Individuals with language disorders typically find expressing themselves and comprehending what others are saying exceptionally challenging. Language disorders are relatively common among young children, occurring in approximately 10-15 percent of children under the age of 3. Language abilities become more stable by the age of 4, and these skills can be more accurately measured and deficits more easily identified.
Language disorders can make everyday situations more difficult and can have significant effects on the individual’s ability to succeed in academic, social, professional, and personal environments. While it is possible for a child to outgrow a language disorder, it is unlikely to occur without appropriate support and therapies in place. When working with an individual with a language disorder, it is important to establish a variety of techniques and approaches to help the individual cope with the day-to-day implications of the language disorder, as well as encourage and support them as they work to improve their language skills.
Speech therapy is one of the most important resources when it comes to helping someone overcome a language disorder. Getting started with speech therapy through Great Speech is as simple as scheduling your free introductory call today!
What are the Different Types of Language Disorders?
Language disorders can be classified into one of the following 3 different types:
Receptive Language Disorder: This type of language disorder involves difficulty understanding language. A receptive language disorder can make it difficult for the individual to comprehend words and sentences that they read or hear, as well as spoken language from another individual. This type of language disorder can also make the individual respond to others in ways that may not make sense.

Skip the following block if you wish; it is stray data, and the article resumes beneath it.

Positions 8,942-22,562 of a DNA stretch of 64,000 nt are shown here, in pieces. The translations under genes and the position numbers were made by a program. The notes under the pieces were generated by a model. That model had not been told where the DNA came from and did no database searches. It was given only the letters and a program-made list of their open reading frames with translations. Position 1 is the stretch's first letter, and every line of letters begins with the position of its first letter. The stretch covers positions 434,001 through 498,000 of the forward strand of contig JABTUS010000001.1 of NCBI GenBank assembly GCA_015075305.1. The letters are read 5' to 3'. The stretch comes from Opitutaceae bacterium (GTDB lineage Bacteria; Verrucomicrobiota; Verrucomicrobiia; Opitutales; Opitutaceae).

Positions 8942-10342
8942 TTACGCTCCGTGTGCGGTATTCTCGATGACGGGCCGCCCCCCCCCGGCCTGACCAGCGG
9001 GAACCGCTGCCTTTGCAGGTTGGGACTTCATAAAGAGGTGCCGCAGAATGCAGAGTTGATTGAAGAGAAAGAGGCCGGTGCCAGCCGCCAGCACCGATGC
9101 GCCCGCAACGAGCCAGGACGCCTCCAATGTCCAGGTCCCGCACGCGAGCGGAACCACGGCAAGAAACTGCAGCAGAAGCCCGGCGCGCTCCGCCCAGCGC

Individuals with receptive language disorders may struggle with:
- Understanding the meanings of words and sentences
- Comprehending what people say
- Understanding and Interpreting gestures
- Learning and retaining new words
- Understanding what they read
- Understanding and retaining new concepts and ideas
- Appropriately answering questions
- Accurately following instructions
- Organizing their thoughts
- Accurately identifying objects
Expressive Language Disorder: Individuals with expressive language disorders typically have difficulty accurately using language. They are usually able to understand what others are saying but struggle to speak with others and/or express their thoughts, feelings, needs, and ideas through spoken or written language. Expressive language disorder can affect the individual’s ability to use spoken, written, and sign language.
Individuals with expressive language disorders may:
- Struggle to use words correctly
- Speak in simple or short sentences
- Have difficulty putting words in the proper order
- Struggles to ask questions
- Have difficulty using gestures
- Have a limited vocabulary compared to peers of the same age
- Talk less frequently than other children
- Omit words from sentences when speaking
- Frequently repeat certain phrases
- Have difficulty naming objects
- Echo or repeat parts of or entire questions
- Incorrectly uses past, present, and future tenses
- Omit necessary conjunctions, such as “and” or “but”
- Difficulty applying various rules of standard spoken communication
- Appear shy or reluctant to speak
- Find telling stories, singing songs, or reciting poems challenging
- Have difficulty finding appropriate words when speaking and often use sounds, such as “um,” while searching for the correct word
Mixed Receptive-Expressive Language Disorder: This type of language disorder refers to individuals with both disorders at the same time. They will often have difficulty understanding what others say as well as expressing themselves and being understood by others.